According to Lynch, a stock with a PEG ratio under 1.0 is considered undervalued relative to its future growth prospects, implying that the market is underestimating the earnings, and/or the company is growing faster than expected. Zacks calculates PEG ratio as a company’s forward P/E divided by its expected long-term growth rate.
3 Great Value Picks
We have shortlisted three stocks with a PEG ratio below 1 and Price/Cash Flow ratio (P/CF) less than 10. The latter indicates that the company is generating robust cash flows to justify its price and judges the market expectations of the company’s future financial health. A P/CF ratio below 10 is considered to be a worthwhile metric to bank upon.
Stocks with these features have lagged the market in terms of year-to-date price returns, and thus, possess attractive valuations. In addition, these stocks have been recently witnessing healthy upward estimate revisions and thus sport a favorable Zacks Rank.
Prudential Financial, Inc. (PRU - Free Report)
This leading financial services institution is a niche player in the U.S. life insurance market, boasting an extensive product portfolio. The company, witnessing robust growth in assets under management, is set to capitalize on an aging American population. It also has a significant presence in the lucrative overseas market.
The stock lost 0.3% year-to-date. Although its shares are trading close to its 52-week high, it has a forward P/E of just 9.65x.
PEG Ratio = 0.98
P/CF Ratio = 8.45
Zacks Rank #2 (Buy)
Endurance Specialty Holdings Ltd.
The Bermuda-based company is a global provider of property and casualty insurance and reinsurance. Endurance has been attempting to take over rival firm Aspen Insurance Holdings Ltd. (AHL - Free Report) in a $3.2 billion bid, in order to expand its market share and create value.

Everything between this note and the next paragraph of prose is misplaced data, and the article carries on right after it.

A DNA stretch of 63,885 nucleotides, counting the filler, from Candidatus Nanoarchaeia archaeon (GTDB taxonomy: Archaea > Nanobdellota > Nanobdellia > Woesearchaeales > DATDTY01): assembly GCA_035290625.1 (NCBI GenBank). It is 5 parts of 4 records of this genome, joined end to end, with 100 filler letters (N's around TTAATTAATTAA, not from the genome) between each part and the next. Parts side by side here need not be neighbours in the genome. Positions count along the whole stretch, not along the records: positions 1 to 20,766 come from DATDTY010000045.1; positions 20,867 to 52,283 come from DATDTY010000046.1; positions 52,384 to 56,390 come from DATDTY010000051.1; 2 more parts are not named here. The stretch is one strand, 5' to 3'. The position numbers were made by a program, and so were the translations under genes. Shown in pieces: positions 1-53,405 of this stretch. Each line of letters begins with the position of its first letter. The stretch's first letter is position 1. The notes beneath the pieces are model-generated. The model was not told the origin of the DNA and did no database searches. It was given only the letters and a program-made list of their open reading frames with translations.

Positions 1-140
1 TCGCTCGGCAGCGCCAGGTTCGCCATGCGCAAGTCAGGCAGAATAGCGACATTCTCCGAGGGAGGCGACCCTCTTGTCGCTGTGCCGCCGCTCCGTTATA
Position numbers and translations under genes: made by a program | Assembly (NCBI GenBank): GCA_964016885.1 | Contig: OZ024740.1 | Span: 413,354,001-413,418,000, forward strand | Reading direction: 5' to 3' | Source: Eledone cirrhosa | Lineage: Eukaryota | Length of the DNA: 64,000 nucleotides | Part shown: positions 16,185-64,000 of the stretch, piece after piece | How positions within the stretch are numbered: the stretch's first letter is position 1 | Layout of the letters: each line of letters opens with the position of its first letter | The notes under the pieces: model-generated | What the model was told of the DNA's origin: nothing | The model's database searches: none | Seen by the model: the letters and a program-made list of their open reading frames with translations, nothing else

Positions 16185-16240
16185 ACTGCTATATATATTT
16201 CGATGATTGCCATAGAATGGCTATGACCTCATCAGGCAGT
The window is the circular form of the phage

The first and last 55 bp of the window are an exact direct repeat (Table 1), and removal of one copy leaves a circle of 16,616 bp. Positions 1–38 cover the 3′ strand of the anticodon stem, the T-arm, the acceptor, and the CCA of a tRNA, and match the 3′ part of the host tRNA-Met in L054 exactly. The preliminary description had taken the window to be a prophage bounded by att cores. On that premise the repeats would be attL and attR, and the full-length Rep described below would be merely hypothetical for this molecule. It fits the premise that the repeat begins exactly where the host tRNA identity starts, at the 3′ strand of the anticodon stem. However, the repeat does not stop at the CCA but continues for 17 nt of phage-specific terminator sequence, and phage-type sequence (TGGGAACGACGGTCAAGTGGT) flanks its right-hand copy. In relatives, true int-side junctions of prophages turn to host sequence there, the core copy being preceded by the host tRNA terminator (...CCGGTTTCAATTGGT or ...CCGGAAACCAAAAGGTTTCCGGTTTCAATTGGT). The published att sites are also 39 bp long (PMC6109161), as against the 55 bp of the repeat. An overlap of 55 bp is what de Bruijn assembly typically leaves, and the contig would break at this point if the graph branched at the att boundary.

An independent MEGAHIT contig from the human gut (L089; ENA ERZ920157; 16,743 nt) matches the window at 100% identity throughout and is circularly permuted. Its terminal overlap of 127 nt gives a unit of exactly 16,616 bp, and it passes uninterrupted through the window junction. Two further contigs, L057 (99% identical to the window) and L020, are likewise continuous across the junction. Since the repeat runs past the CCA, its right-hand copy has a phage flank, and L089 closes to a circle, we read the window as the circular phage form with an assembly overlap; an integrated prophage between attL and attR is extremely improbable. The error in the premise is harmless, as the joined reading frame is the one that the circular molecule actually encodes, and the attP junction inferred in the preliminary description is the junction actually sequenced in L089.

The stock lost 8.5% year-to-date. It has a forward P/E of just 8.55x.
PEG Ratio = 0.95
P/CF Ratio = 6.54
Zacks Rank #1 (Strong Buy)
Huntington Ingalls Industries, Inc. (HII - Free Report)
The company is engaged in designing, building and maintaining ships primarily for the U.S. Navy and the U.S. Coast Guard. Last month, it acquired Houston-based UniversalPegasus International Holdings, an established player in the energy infrastructure market, in an effort to consolidate its presence in the oil and gas market.
The company also acquired Broomfield, CO-based S.M. Stoller Corp., which provides environmental, nuclear and technical consulting and engineering services. These acquisitions highlight the company’s strategy of diversifying into the energy sector from its well-established presence in military shipbuilding.
The stock gained 6.4% year-to-date. It has a forward P/E of 12.56x, which is considerably lower than the forward industry P/E of 16.80x.
PEG Ratio = 0.5
P/CF Ratio = 9.07
Zacks Rank #2
The PEG ratio, though apparently fascinating and intuitive, is only a rule of thumb for picking undervalued stocks. Fundamentals and other qualitative aspects of the company also have an important place in the analysis as well.
Thus, the PEG ratio, when used in conjunction with a solid Zacks Rank, rising earnings estimate revisions and robust cash flow, is a great method to find value in this overvalued market.